Thomas Graf, Stony Brook University
Do contemporary syntactic theories rely on too many features? Decades of computational research have culminated in two contradictory answers:
- Yes, there are too many features because having at least two features is already one too many and brings in undesirable overgeneration.
- No, the number of features is irrelevant because a grammar with no features can be just as powerful as one with thousands of features.
The source of this confusing state of affairs is the intimate relation between features and constraints. Features can be replaced by constraints, to a point where the grammar is completely feature-free. And constraints can be compiled down into the feature system until no constraints are left and everything is done by feature checking.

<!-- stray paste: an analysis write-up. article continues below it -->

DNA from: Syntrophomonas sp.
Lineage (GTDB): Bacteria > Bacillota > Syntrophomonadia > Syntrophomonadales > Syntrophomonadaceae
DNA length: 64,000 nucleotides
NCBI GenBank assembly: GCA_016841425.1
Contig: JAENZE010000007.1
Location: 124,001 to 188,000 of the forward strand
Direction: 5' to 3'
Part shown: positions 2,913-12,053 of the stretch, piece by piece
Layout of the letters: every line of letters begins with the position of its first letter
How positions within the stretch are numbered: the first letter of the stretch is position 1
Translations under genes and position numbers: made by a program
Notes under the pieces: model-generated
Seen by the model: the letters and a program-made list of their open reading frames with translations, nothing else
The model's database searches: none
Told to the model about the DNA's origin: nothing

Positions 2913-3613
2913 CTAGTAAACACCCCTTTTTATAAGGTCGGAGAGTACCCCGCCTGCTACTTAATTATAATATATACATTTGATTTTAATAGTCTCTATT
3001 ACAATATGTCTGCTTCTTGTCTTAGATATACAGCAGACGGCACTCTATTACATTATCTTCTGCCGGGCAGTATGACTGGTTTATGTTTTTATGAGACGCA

Proposition 1: Features and constraints are interchangeable.
The power to express arbitrary constraints causes massive overgeneration, which must be curtailed. There is a substantive body of computational work on how constraints can be limited in a linguistically natural fashion, whereas it is largely unclear how the same can be achieved with restrictions on feature systems. I will sketch what options have been explored so far and why constraints are easier to rein in than features.
Proposition 2: The power of constraints is easy to restrict, that of features is not.
In the absence of meaningful restrictions on features, then, constraint-based accounts should be preferred. I present small case studies on successive-cyclic movement, selection, and morphosyntax that illustrate what this approach looks like in practice and how it can yield new theoretical and empirical insights.